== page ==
GARBER, Iowa — The Turkey River was still rising Friday but expected to crest nearly 9 feet below its 2004 record in a small northeastern Iowa town, though additional storms were forecast for the area, according to the National Weather Service.
Rain-laden thunderstorms rolled through the area earlier this week, swelling rivers with the runoff. The crest in Garber was expected to hit 24 feet later Friday and fall below flood stage by Saturday evening.
But that could depend on how much rain falls overnight. National Weather Service meteorologist Todd Shea said storms could drop an inch or more rain Friday night into Saturday, and more rain could come later Saturday.
Garber Mayor Nickie Schroeder said her town of 88 residents had been preparing since Wednesday for flooding.
“Everything is ready,” she said Friday.
She said that if the river doesn’t go over the predicted crest of 24 feet, there may be small flood damage to the town’s boat ramp and some field flooding, but nothing significant.
The weather service said the river crested Friday morning upstream in Elkader at more than 5 feet below its 2008 record, relieving worried residents who had been preparing for major flooding. Still, there’s a mess to clean up.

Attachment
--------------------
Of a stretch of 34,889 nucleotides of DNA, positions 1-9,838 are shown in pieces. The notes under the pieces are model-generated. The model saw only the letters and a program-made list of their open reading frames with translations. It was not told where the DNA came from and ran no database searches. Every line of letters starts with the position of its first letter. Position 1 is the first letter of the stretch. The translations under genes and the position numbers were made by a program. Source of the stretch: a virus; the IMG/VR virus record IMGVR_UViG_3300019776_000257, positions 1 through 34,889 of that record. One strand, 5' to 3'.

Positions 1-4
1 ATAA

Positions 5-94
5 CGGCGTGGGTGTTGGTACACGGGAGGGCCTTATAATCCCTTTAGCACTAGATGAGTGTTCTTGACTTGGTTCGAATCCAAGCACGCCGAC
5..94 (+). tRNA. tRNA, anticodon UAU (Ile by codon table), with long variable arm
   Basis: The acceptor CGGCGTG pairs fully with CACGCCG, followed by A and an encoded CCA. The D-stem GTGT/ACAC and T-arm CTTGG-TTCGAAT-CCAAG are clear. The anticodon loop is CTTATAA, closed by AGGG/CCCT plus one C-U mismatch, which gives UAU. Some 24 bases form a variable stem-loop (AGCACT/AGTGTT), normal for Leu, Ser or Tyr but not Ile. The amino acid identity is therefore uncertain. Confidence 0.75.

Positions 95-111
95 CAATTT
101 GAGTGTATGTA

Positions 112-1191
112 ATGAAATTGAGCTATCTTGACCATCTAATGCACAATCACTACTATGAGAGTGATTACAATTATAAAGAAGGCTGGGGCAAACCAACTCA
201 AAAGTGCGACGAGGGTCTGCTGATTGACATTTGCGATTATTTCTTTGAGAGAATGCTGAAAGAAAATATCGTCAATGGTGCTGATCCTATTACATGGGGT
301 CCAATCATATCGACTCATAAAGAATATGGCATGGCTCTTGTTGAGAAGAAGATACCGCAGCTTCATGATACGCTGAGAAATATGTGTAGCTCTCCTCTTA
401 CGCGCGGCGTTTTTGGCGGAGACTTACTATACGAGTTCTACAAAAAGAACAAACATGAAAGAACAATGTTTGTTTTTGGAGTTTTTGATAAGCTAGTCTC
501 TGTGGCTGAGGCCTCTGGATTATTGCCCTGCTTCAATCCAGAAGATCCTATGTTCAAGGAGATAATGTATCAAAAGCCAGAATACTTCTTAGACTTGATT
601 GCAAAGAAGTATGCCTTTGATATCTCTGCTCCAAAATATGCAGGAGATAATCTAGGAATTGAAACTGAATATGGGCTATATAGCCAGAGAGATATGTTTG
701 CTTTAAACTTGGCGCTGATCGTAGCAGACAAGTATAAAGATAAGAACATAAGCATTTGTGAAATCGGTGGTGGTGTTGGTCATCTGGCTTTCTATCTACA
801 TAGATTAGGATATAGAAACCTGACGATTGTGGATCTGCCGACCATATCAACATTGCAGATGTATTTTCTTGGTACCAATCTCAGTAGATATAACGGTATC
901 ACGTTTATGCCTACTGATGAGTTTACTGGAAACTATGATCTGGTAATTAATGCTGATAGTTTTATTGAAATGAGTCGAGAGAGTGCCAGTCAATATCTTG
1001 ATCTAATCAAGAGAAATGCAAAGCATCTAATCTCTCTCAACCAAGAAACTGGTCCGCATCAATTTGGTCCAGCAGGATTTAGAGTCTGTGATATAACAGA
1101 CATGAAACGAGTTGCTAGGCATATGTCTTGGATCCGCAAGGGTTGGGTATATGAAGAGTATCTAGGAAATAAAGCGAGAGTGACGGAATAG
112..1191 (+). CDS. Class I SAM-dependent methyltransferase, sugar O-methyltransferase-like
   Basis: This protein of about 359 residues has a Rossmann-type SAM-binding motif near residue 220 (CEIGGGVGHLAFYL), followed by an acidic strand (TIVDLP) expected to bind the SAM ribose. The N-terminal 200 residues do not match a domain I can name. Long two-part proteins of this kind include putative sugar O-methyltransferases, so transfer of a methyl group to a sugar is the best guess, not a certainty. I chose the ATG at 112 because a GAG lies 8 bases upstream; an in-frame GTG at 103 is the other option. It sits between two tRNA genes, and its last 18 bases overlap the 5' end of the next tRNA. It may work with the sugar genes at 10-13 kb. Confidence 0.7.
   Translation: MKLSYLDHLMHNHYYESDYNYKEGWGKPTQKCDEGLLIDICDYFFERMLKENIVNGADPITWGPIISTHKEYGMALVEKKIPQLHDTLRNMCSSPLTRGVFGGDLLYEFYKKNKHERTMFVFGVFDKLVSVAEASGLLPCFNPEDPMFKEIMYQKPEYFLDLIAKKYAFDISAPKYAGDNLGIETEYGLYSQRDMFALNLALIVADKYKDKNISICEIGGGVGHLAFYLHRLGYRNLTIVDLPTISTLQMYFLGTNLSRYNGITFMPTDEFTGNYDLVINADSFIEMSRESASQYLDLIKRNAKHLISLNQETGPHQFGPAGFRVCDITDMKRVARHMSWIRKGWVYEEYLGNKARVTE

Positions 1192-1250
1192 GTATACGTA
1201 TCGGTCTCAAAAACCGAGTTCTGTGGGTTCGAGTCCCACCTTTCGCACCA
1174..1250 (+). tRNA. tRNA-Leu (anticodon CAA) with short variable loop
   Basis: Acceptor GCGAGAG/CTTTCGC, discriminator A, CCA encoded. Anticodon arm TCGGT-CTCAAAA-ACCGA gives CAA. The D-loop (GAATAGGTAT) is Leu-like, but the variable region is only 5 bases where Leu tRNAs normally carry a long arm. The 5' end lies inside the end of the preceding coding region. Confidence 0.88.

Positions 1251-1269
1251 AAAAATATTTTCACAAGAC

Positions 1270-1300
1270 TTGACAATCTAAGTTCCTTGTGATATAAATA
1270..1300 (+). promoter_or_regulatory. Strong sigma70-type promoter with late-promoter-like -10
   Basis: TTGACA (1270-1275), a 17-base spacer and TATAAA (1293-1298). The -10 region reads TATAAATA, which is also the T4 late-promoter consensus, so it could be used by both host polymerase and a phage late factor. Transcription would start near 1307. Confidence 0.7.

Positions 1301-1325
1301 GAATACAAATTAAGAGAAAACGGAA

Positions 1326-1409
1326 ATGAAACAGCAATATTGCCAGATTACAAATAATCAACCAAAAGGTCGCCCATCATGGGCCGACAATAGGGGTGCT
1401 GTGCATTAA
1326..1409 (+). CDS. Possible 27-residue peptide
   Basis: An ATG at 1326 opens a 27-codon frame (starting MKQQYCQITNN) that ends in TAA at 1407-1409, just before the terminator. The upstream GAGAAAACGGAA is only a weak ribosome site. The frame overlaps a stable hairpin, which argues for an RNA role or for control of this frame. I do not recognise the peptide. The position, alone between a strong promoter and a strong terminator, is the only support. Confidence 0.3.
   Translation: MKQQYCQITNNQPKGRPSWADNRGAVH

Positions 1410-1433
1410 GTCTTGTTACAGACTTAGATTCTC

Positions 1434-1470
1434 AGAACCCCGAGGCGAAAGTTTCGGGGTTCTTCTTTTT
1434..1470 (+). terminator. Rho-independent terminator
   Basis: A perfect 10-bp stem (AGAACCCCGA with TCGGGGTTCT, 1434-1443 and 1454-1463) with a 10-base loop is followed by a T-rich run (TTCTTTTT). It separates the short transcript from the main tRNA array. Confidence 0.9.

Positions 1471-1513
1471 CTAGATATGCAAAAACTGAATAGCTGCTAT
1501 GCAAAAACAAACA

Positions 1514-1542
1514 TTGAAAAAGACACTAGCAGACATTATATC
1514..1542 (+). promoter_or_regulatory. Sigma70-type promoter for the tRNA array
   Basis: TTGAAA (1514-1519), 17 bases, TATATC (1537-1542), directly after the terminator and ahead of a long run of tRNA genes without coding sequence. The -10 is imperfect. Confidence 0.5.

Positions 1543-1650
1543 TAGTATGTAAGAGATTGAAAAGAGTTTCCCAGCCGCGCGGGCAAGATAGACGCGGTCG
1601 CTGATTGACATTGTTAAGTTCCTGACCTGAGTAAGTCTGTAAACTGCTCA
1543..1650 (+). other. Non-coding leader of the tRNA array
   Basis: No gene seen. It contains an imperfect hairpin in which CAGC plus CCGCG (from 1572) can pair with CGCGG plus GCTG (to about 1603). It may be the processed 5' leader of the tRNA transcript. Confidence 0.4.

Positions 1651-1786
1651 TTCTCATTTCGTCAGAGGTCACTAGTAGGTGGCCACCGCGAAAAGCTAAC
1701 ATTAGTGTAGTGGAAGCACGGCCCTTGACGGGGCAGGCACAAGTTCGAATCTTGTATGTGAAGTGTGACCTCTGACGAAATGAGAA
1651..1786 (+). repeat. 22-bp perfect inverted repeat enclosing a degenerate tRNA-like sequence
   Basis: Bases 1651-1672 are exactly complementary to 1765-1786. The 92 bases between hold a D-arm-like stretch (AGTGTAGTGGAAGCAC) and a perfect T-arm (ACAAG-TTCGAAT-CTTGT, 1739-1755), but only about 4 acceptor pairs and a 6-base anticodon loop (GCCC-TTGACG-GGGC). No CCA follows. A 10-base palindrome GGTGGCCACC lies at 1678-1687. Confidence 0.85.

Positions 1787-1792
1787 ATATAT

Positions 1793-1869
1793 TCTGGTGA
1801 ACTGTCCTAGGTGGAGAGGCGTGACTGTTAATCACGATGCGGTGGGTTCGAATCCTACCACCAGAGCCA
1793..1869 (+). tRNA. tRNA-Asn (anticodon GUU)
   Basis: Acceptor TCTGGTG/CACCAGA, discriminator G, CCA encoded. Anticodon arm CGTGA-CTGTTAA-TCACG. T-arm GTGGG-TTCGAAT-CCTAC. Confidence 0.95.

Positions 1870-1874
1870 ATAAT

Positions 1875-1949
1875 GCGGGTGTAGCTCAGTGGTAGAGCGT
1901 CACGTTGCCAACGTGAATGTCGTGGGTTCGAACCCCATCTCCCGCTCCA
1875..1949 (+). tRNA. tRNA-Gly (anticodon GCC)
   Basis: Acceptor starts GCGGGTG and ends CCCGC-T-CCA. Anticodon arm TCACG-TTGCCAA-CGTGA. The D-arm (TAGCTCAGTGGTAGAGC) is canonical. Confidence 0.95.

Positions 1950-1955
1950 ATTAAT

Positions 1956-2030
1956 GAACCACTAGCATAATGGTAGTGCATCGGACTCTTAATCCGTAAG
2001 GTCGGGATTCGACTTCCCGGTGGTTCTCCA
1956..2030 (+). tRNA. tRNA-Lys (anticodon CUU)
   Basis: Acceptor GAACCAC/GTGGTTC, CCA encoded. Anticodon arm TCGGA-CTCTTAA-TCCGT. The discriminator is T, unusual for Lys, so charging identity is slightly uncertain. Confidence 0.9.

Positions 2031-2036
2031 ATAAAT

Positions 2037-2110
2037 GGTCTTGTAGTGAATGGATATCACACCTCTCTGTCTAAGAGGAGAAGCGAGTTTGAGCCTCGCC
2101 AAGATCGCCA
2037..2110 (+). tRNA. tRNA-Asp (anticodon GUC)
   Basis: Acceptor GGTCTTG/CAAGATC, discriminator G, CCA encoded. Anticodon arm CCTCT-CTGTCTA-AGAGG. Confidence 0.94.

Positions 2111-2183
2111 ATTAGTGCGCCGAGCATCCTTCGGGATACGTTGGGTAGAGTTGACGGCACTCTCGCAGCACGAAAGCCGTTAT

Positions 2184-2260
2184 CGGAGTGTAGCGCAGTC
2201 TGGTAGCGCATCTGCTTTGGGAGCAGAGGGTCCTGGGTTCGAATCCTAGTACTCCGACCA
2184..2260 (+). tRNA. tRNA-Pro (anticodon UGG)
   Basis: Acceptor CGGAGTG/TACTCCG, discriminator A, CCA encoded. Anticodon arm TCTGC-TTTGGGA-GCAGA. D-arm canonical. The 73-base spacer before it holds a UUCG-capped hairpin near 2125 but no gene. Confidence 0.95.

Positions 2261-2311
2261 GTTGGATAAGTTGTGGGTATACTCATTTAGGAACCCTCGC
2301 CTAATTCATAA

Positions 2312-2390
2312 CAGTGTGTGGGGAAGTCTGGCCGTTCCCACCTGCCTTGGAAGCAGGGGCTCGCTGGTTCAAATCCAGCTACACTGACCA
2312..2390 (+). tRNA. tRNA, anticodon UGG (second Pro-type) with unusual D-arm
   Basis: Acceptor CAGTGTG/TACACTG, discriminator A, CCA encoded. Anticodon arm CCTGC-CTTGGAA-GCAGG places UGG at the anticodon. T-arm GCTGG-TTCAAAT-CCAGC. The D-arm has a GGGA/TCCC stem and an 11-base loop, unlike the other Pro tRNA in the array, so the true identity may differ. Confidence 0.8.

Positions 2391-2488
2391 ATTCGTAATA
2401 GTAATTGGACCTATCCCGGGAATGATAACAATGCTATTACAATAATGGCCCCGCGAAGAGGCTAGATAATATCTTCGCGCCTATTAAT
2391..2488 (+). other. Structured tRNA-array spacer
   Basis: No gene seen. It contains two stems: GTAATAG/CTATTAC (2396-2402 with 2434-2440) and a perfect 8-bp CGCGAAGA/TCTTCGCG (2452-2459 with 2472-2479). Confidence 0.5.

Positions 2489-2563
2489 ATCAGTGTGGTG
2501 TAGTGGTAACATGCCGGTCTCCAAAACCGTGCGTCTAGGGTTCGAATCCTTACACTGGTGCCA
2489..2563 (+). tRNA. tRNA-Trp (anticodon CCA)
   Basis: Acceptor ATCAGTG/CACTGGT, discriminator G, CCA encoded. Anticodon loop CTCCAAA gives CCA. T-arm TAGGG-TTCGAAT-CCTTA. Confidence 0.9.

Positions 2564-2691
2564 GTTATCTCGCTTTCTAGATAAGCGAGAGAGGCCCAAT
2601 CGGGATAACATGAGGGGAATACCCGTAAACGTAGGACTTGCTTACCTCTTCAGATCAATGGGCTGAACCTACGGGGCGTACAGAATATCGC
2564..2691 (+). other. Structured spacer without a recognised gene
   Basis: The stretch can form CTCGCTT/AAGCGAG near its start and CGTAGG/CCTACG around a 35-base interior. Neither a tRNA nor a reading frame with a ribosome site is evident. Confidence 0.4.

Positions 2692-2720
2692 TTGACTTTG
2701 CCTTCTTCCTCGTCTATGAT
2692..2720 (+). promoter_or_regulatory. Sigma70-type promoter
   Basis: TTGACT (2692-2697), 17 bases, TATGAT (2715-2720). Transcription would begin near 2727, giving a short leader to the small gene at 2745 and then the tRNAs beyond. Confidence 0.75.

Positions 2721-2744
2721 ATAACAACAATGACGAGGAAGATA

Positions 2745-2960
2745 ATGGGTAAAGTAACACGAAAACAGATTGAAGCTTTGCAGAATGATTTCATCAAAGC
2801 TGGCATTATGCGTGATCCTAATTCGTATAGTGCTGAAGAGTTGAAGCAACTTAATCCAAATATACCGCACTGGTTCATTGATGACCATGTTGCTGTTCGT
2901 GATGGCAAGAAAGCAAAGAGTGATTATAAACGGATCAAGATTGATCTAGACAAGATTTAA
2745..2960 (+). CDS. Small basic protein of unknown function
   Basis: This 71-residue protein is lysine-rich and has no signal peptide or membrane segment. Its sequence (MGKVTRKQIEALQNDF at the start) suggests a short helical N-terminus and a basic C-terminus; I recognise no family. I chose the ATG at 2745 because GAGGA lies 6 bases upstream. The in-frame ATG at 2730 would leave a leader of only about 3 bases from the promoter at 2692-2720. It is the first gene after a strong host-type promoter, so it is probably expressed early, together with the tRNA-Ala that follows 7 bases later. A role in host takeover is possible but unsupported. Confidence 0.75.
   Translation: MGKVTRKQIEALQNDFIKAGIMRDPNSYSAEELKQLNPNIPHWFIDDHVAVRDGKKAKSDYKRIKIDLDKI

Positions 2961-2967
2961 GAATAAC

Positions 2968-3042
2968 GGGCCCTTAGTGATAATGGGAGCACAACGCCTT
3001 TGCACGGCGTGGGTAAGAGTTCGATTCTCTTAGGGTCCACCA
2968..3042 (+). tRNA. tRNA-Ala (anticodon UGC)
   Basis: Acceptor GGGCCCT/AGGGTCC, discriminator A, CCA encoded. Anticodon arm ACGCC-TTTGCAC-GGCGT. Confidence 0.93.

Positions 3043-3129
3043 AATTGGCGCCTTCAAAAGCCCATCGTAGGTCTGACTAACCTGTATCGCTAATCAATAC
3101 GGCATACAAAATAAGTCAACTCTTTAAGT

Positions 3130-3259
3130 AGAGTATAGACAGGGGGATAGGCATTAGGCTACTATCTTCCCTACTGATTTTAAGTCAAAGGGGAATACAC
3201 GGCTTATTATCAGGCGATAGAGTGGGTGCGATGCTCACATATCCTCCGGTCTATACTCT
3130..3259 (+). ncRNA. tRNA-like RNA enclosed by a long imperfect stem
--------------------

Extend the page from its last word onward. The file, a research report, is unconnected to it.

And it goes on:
“Our campground, city park, Little League fields and the school’s football field are all under water,” Elkader City Administrator Jennifer Cowsert said. She noted that means a layer of mud and sand also is awaiting removal.
The Iowa Natural Resources Department took precautions Wednesday and Thursday by evacuating about 150,000 rainbow and brook trout from the Big Spring Hatchery near Elkader. The fish were moved to the Decorah and Manchester hatcheries because of worries the river would overtop a levee protecting the Elkader hatchery.
Trout from the Big Springs Hatchery are stocked into 15 local streams, according to the department.